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This article is written by Esha Barua Chowdhury who is pursuing a Diploma in M&A, Institutional Finance and Investment Laws (PE and VC transactions)  from Lawsikho.

Introduction

The Foreign Investment in Chile has seen a decline owing to the 2020 pandemic and its effect on several economic variables. However, Invest Chile’s Managing Director Andrés Rodríguez is hopeful that if the government’s new strategy is implemented correctly, the Latin American country might see investments exceeding US$25 billion.   

Invest Chile, the Chilean government’s Foreign Investment Promotion Agency has been preparing strategies to meet the above-mentioned goal to the extent that the agency has been holding meetings with leading companies like Amazon, Tesla, TechMahindra, Netflix, Alibaba, Baidú, etc. 

According to the World Investment Report 2020 published by UNCTAD, FDI in Chile had increased by 63% from USD 7 billion to USD 11 billion in 2019, sustained by investment in utilities, mining, and services.

This article primarily discusses foreign direct investment and the regime in Chile together with the investment culture prevalent there.  

What is Foreign Direct Investment?

Foreign Direct Investment is the investment made directly by a company or legal individual of one country into any business/ firm located and functioning in another company. When a foreign entity invests or purchases into the business of a country other than their home country to obtain a controlling stake over the company so purchased, the process is termed as a Foreign Direct Investment (FDI). FDI involves setting up a business, establishing operations, or purchasing assets in a foreign land. 

For Example

If a multinational company from Britain starts operating in India, either by partnering with an existing firm or by setting up its segment, such investment shall be considered as a part of FDI in India.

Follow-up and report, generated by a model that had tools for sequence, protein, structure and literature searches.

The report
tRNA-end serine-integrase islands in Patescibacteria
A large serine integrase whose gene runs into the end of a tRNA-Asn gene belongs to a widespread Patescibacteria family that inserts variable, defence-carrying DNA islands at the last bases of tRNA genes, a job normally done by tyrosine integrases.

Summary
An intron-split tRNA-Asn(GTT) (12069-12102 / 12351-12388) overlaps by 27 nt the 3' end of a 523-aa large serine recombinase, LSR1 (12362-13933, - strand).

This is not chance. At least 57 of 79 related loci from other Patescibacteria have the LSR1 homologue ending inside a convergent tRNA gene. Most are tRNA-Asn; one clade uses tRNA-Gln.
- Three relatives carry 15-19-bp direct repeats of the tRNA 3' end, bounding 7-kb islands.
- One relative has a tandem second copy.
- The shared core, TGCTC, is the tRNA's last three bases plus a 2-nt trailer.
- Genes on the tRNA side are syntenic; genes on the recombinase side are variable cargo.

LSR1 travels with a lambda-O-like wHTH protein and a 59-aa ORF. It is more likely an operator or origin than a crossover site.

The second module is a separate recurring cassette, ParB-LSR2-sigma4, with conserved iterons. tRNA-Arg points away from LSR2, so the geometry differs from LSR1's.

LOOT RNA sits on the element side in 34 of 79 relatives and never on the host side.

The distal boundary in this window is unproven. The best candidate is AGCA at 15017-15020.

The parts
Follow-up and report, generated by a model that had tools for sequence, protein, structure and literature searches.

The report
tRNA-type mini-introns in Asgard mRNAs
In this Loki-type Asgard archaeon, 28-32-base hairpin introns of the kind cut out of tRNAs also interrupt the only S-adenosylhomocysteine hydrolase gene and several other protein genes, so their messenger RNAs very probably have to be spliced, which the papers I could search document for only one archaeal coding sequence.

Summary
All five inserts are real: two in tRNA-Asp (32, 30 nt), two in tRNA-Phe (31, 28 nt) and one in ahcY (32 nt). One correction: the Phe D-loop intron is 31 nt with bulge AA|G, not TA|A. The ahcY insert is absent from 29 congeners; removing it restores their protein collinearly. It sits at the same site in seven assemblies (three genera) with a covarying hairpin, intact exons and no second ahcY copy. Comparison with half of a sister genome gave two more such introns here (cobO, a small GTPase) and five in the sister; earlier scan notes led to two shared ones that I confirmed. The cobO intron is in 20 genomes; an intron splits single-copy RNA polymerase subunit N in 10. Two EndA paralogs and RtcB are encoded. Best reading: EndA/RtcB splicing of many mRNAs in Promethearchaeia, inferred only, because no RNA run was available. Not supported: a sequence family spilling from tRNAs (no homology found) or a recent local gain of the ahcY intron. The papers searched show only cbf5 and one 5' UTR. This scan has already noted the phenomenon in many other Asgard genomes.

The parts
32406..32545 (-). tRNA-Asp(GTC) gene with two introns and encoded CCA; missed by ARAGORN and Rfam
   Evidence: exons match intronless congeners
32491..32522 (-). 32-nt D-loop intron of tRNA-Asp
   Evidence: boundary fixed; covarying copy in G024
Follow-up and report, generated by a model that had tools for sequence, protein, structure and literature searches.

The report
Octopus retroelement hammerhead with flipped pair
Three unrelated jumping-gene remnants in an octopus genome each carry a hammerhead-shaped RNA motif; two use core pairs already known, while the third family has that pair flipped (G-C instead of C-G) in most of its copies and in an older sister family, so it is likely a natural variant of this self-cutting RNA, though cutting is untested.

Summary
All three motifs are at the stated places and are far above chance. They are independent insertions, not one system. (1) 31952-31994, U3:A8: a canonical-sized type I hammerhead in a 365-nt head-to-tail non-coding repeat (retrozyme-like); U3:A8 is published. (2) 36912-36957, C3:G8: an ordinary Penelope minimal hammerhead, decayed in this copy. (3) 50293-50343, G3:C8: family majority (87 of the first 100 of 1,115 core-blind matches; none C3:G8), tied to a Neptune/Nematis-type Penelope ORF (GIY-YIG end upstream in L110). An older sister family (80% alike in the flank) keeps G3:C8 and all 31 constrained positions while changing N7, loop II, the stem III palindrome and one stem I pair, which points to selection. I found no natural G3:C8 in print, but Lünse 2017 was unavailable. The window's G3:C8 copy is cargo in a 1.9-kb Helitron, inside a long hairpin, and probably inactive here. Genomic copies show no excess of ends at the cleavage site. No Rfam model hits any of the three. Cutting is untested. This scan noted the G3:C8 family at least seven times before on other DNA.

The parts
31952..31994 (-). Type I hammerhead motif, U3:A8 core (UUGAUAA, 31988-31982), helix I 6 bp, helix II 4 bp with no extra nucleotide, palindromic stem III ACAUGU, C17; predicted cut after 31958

Flows of Foreign Direct Investment

FDIs can be outward or inward, meaning if a different country invests in India, it is an inward investment and if an Indian entity invests in another country, it is considered to be an outward investment.

Not all foreign investments are FDI, How?

FDI is different from FPI (Foreign Portfolio Investment) since the latter is the investment made in financial assets and securities in businesses of other countries. The FDI so made flows into the primary market and aids to the growth in the GDP of the country. FDIs are usually made in an open market, ie a market that has lesser trade restrictions or is a free trade market (elimination of imports and exports). Chile is the seat of such open markets.

Kinds of FDI in Chile

FDI s can be Inwards and Outwards. FDI s can be of 4 types

  1. Horizontal.
  2. Vertical.
  3. Conglomerate.
  4. Platform.

What determines a foreign investment? 

The economic and political state of the host often determines the nature of the guest. Economy, regulatory conditions, legal flexibility, political stability, market size scope, flexible government policies, exchange rates, labour costs, geographies, investor’s strategy, range of equity inflow, and relative factor endowments are some of the elements which determine FDIs of a country.

What is the position of Chile concerning foreign Investments?

  • FDI is said to be beneficial for developing countries since it increases job opportunities and plays an important role in the economic development of the host country besides increasing the exchange rate of the country.
  • The World Investment Report 2020 prepared by UNCTAD (United Nations conference on trade and development) forecasted that FDI in Latin America vis a vis Chile will plummet by 40-50%. 
  • The consistency in FDI in Chile during this Covid pandemic is noteworthy and has been better than opposed to other Latin American countries excluding Mexico, which has also seen a rise in investments. Invest Chile promotes investment in the country and brings forth the stats of the FDI inflow.